A Toolbox for Quantitative Gene Expression in Varroa destructor: RNA Degradation in Field Samples and Systematic Analysis of Reference Gene Stability

Ewan M. Campbell, Catriona H. McIntosh, Alan S. Bowman

Research output: Contribution to journalArticlepeer-review

16 Citations (Scopus)
7 Downloads (Pure)


Varroa destructor is the major pest of Apis mellifera and contributes to the global honey bee health crisis threatening food security. Developing new control strategies to combat Varroa will require the application of molecular biology, including gene expression studies by quantitative real-time reverse transcription-polymerase chain reaction (qRT-PCR). Both high quality RNA samples and suitable stable internal reference genes are required for accurate gene expression studies. In this study, ten candidate genes (succinate dehydrogenase (SDHA), NADH dehydrogenase (NADH), large ribsosmal subunit, TATA-binding protein, glyceraldehyde-3-phosphate dehydrogenase, 18S rRNA (18S), heat-shock protein 90 (HSP90), cyclophilin, α-tubulin, actin), were evaluated for their suitability as normalization genes using the geNorm, Normfinder, BestKeeper, and comparative ΔCq algorithims. Our study proposes the use of no more than two of the four most stable reference genes (NADH, 18S, SDHA and HSP90) in Varroa gene expression studies. These four genes remain stable in phoretic and reproductive stage Varroa and are unaffected by Deformed wing virus load. When used for determining changes in vitellogenin gene expression, the signal-to-noise ratio (SNR) for the relatively unstable genes actin and α-tubulin was much lower than for the stable gene combinations (NADH + HSP90 +18S; NADH + HSP90; or NADH). Using both electropherograms and RT-qPCR for short and long amplicons as quality controls, we demonstrate that high quality RNA can be recovered from Varroa up to 10 days later stored at ambient temperature if collected into RNAlater and provided the body is pierced. This protocol allows the exchange of Varroa samples between international collaborators and field sample collectors without requiring frozen collection or shipping. Our results make important contributions to gene expression studies in Varroa by proposing a validated sampling protocol to obtain high quality Varroa RNA and the validation of suitable reference genes for expression studies in this globally important pest.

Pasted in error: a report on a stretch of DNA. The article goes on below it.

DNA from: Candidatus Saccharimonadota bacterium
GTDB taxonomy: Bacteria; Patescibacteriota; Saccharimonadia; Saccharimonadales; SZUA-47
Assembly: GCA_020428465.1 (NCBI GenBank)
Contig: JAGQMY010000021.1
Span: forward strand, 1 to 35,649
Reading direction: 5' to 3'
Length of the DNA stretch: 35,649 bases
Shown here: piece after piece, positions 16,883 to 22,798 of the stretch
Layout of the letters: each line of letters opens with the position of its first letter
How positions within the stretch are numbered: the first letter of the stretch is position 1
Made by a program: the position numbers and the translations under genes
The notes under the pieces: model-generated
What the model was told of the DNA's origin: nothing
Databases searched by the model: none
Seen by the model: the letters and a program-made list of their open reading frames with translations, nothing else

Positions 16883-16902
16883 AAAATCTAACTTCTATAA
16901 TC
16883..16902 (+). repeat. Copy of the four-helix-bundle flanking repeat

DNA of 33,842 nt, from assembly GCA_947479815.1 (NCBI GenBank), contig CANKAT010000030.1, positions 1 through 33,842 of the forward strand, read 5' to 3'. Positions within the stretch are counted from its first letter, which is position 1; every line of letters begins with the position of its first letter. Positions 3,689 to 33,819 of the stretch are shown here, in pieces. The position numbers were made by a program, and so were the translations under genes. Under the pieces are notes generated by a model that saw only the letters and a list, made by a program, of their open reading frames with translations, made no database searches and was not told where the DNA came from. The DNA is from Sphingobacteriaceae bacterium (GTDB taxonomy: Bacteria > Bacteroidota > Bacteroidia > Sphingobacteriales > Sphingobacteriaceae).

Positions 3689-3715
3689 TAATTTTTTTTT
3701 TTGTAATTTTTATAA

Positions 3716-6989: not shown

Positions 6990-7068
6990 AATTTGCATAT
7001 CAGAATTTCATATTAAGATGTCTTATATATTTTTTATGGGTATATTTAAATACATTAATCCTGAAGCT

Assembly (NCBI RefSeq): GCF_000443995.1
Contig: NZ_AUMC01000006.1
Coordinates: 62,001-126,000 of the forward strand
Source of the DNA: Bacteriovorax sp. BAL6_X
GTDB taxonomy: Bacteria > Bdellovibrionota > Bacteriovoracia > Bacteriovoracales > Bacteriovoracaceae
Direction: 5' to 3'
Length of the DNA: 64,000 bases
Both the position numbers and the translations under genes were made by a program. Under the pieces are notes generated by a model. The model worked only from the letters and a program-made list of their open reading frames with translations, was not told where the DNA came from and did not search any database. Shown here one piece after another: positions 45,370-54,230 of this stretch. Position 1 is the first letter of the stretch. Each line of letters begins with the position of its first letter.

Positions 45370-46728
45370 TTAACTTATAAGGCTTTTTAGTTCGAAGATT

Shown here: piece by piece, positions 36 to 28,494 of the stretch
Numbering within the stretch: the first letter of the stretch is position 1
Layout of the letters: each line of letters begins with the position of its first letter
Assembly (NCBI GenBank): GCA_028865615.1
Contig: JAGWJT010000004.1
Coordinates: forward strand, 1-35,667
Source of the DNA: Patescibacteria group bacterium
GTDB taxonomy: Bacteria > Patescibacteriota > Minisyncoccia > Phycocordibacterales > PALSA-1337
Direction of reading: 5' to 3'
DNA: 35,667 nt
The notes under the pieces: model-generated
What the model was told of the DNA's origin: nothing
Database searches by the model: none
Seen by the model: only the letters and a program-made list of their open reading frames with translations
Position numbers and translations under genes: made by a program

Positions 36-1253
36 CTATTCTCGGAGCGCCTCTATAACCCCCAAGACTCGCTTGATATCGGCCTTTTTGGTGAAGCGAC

Original languageEnglish
Article number0155640
Pages (from-to)1-19
Number of pages19
JournalPloS ONE
Issue number5
Publication statusPublished - 16 May 2016

Bibliographical note

Funding: This project has received funding from the European Union’s Seventh Framework Programme for research, technological development and demonstration under grant agreement no. 613960 (SMARTBEES) (http://www.smartbees-fp7.eu/) and Veterinary Medicines Directorate, Department for Environment Food & Rural Affairs (Project # VM0517) (https://www.gov.uk/government/organisations/veterinary-medicines-directorate). CHM was supported by a Biosciences Knowledge Transfer Network Biotechnology and Biological Sciences Research Council (KTN-BBSRC CASE) Studentship (BB/L502467/1) (http://www.bbsrc.ac.uk/). The funders had no role in study design, data collection and analysis, decision to publish, or preparation of the manuscript.

We gratefully acknowledge Mr Sebastian Bacz’s expert help and advice with beekeeping.


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